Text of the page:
AKRON, Ohio (AP) — Shane Lowry remained somewhat of a mystery to the golf audience outside Ireland and parts of Europe.
He won the Irish Open as an amateur in 2009, and he picked up his first win as a pro three years later in Portugal. He has been showing up at the majors the last few years, though this is the first year he has been eligible for all of them.
Jim Furyk played with him on Saturday at the Bridgestone Invitational and was asked what he thought of the 28-year-old Irishman’s game. Furyk said he was impressed.
One day later, so was everyone else.
On a strong course at Firestone, with a trio of major champions chasing him, Lowry delivered the biggest round of his career. He played bogey-free for a 4-under 66, built a two-shot lead and produced two amazing shots and two clutch par saves for a two-shot victory over Bubba Watson.
“It doesn’t get any better than that, does it?” Lowry said. “To beat those guys down the stretch on a golf course like this … it just shows a lot about my game, that it’s good enough to compete at any level.”
The two shots that stood out involved trees.
Lowry was so far left off the tee at No. 10 that he received a free drop because the signage on the 11th tee box was in his way. Still to be navigated was a 50-foot tree about 40 yards in front of him, so he opened the face of a pitching wedge and let it rip — over the green, onto the green with a bounce that fed it to tap-in range for birdie.
“I was just trying to get up around the green and make a 4,” Lowry said.
He finished in style. Clinging to a one-shot lead and a minor case of the nerves, he hit his worst drive of the day so far left that it was buried in deep rough with more trees in front of him. Lowry hammered a sand wedge through the tree, hopeful of getting it close to the green for a reasonable shot at par.
Imagine his surprise when after all the clatter of branches, he saw the ball hit the green and heard the crowd roar. It settled just over 10 feet away, and for good measure, Lowry dropped that in for a final birdie and a certain win.
“It’s fairly special to do that against such a good field, to shoot bogey-free 66 on a golf course like that,” Lowry said. “I know it will stay with me now for the rest of my career. I’ve done everything I needed to do today.”
Watson thought he hit two good sand wedges for a good look at birdie on the 16th and 18th holes. Both bounced hard and left him long putts that he missed, and he had to settle for a 66 and a runner-up finish.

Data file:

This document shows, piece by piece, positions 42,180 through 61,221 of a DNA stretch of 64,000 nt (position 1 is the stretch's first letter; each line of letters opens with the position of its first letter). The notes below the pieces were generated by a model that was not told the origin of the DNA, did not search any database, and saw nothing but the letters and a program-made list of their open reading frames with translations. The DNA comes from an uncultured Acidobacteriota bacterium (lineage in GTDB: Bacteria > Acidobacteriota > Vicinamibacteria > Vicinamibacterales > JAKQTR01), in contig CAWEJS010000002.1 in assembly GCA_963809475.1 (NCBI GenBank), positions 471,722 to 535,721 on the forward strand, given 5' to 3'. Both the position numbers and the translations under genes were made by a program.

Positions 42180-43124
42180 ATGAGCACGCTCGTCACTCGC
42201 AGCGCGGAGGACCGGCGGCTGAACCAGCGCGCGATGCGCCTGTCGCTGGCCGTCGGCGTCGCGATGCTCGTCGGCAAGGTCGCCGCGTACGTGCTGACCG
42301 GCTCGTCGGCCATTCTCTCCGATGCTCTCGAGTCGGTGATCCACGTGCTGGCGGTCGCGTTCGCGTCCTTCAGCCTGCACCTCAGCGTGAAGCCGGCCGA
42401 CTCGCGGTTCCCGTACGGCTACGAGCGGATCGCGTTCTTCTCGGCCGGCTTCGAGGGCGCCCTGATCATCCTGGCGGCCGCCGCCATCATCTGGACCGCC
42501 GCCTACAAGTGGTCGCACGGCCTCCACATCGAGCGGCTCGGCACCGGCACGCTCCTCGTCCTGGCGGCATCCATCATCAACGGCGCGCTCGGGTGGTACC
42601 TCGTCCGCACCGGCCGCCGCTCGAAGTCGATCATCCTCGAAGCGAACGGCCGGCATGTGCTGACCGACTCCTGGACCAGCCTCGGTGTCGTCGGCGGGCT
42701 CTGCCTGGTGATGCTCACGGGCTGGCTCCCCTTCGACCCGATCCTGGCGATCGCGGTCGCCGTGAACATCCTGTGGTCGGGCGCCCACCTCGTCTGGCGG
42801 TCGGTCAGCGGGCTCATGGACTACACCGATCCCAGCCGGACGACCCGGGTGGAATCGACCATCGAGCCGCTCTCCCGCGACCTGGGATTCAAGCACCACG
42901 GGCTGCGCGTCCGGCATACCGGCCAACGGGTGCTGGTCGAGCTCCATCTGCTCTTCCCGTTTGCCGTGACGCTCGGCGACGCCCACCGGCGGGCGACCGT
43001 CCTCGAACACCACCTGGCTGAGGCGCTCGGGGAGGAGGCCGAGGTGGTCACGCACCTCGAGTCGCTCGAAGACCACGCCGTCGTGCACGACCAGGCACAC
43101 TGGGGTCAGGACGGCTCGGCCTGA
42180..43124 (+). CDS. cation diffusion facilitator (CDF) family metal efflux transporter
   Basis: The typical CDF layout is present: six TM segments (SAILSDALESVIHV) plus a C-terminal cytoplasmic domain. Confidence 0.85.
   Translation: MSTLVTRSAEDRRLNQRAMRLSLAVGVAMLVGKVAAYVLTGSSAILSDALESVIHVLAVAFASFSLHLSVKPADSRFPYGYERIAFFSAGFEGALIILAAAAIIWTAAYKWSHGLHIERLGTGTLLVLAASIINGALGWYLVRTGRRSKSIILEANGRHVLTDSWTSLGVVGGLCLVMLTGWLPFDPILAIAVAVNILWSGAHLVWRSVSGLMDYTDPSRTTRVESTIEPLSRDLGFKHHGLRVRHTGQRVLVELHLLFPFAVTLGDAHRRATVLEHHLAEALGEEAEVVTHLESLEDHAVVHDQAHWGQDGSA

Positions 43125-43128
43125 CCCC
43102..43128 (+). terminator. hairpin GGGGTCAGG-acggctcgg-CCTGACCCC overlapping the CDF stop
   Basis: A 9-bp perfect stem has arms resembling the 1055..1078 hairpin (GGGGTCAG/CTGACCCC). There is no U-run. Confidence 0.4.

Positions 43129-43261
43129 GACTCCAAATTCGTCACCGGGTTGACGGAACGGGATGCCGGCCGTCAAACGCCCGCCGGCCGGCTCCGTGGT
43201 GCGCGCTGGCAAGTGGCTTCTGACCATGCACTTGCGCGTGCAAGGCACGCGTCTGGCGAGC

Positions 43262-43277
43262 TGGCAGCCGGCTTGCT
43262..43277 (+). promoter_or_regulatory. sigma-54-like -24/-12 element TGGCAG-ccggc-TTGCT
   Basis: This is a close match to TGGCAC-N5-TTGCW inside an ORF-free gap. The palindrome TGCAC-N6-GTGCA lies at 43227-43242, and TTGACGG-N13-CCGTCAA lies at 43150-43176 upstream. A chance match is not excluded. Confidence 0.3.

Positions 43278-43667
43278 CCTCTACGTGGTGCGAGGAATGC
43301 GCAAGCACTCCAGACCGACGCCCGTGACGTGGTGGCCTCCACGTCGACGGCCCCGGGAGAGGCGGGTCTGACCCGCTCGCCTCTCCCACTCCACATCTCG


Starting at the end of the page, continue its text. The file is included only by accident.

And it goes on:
Furyk and Justin Rose, who shared the lead and were two shots clear of Lowry, were annoyed for different reasons after both shot 2-over 72 to tie for third. Rose hit the ball beautifully. Furyk did not. Rose couldn’t buy a putt. Furyk, who relied so heavily on his putter for the opening two rounds, didn’t make enough to cover his errors.
But this day belonged to Lowry, a gregarious personality with deep pride in family and heritage. As he sat down next to his trophy, he quickly moved a stand holding two Irish flags closer into view.
He narrowly qualified through the category of top 50 in the world — he was No. 48 and stayed there at the cutoff. He became the first non-PGA Tour member to win a World Golf Championship since Martin Kaymer in 2011 at the HSBC Champions.
And he was worthy of the title — not so much from the shots out of the trees, but the pars that win tournaments.
Right when it appeared he would lose some of his two-shot lead with a tee shot into a bunker on the 14th, Lowry poured in an 18-foot par putt. And on the 17th, after watching Watson make his own escape from the trees for an unlikely birdie, Lowry knocked in a 6-foot par putt.
Before long, he was on his way to the PGA Championship with the trophy and $1.527 million in the bank from his victory. He finished at 11-under 269.
Back home in Ireland, the celebration was already under way.
His younger brother last week won the Mullingar Scratch Cup, a big amateur event that Rory McIlroy, Padraig Harrington, Paul McGinley and other top Irish stars have won. Now there’s another trophy for the Lowry household, and it’s a big one.